The first poll conducted after Michigan legislators finished the state budget shows 61 percent of Michigan voters say they are less likely to vote for legislative Republicans in 2012 because of controversial decisions to cut funding for public schools at the expense of tax breaks for some corporations, according to a recent poll commissioned by Lambert, Edwards & Associates and the Perricone Group.
The poll, conducted by Denno Research late last week, says only 25 percent of voters are more likely to vote for GOP legislators, while 36 percent said they were much less likely to vote for a Republican candidate that cast a vote against public schools, said former Speaker of the House Chuck Perricone, CEO of the Perricone Group.
“We’re seeing significant buyer’s remorse on the part of voters who elected Republicans into office,” said Chuck Perricone, CEO of the Perricone Group. “While certainly there is time to right the ship before the 2012 elections, GOP leaders should take these results seriously – cutting public schools across the state is accompanied with consequences at the local level.”
This comes from 600 registered, "likely" voters. State-based Lambert, Edwards & Associates is breaking into the polling business here in Michigan; nice to see some new blood, especially if they are consistent. Not thrilled with the way they phrase this next approval question, but here you go:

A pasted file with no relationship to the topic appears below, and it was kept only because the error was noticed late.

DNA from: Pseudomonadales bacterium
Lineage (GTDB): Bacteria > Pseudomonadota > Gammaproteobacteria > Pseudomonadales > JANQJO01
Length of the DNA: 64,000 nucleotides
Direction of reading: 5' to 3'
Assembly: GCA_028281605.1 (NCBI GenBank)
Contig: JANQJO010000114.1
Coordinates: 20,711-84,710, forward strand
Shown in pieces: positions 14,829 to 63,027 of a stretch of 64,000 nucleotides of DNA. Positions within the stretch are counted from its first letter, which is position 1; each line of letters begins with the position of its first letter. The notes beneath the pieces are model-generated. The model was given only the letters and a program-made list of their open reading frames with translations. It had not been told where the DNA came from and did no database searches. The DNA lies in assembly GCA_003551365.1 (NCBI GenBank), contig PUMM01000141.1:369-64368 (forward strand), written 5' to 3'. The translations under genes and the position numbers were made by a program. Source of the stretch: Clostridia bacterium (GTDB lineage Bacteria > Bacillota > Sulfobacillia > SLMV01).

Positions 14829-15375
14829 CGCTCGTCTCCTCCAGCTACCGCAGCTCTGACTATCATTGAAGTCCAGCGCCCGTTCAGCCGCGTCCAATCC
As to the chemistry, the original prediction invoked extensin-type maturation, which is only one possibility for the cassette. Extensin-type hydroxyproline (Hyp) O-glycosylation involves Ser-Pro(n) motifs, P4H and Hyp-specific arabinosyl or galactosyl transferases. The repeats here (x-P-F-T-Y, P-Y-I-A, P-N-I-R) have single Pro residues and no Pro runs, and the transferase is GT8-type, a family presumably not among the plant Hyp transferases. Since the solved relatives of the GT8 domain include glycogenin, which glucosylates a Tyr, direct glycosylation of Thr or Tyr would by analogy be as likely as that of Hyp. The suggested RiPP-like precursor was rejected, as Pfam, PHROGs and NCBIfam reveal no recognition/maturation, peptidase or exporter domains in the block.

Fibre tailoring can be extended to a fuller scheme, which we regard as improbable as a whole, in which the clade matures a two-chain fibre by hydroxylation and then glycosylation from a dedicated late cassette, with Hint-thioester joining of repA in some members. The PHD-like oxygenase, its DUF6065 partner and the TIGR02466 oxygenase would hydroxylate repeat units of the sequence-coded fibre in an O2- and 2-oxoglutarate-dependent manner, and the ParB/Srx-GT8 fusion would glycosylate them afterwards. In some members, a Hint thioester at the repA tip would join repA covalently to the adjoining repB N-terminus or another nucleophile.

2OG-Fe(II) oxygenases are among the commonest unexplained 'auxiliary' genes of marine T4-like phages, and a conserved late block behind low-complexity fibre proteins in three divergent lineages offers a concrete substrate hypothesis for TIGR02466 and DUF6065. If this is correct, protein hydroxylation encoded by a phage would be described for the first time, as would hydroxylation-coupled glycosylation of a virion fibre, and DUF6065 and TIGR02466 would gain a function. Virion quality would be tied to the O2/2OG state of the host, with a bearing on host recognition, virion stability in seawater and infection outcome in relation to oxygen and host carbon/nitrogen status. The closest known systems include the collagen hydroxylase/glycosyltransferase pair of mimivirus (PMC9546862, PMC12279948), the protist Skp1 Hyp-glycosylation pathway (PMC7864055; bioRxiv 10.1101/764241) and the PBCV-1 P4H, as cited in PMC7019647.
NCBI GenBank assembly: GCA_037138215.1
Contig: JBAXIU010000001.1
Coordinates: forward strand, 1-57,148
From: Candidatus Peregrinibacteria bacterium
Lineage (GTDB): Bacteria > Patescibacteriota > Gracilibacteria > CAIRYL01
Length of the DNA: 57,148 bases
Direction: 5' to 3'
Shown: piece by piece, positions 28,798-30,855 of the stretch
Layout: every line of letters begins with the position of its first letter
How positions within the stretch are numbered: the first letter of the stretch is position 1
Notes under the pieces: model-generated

The poll also included barometers on most of the state’s political leaders. Participants were asked to rank Gov. Rick Snyder’s job performance – 28 percent gave the governor high marks, 31 percent gave him a medium rating, while 30 percent gave him a low rating. Undecideds came in at almost 12 percent.
President Obama scored slightly higher in the poll, with 38 percent giving the president high ratings, 27 percent giving him a medium grade, and 33 percent giving him a low ranking. Undecideds were small – with only 1.3 percent choosing not to answer the question.
U.S. Senator Debbie Stabenow did better than both Obama and Snyder, with 34 percent giving the Democrat high ratings, 28 percent ranking her performance as medium, but only 22 percent gives her a low mark. 37 percent of respondents were unsure of Stabenow’s overall performance.
All this changes by next year of course, but it gives the Dems some indication of what to shoot for. Let's see if they use it.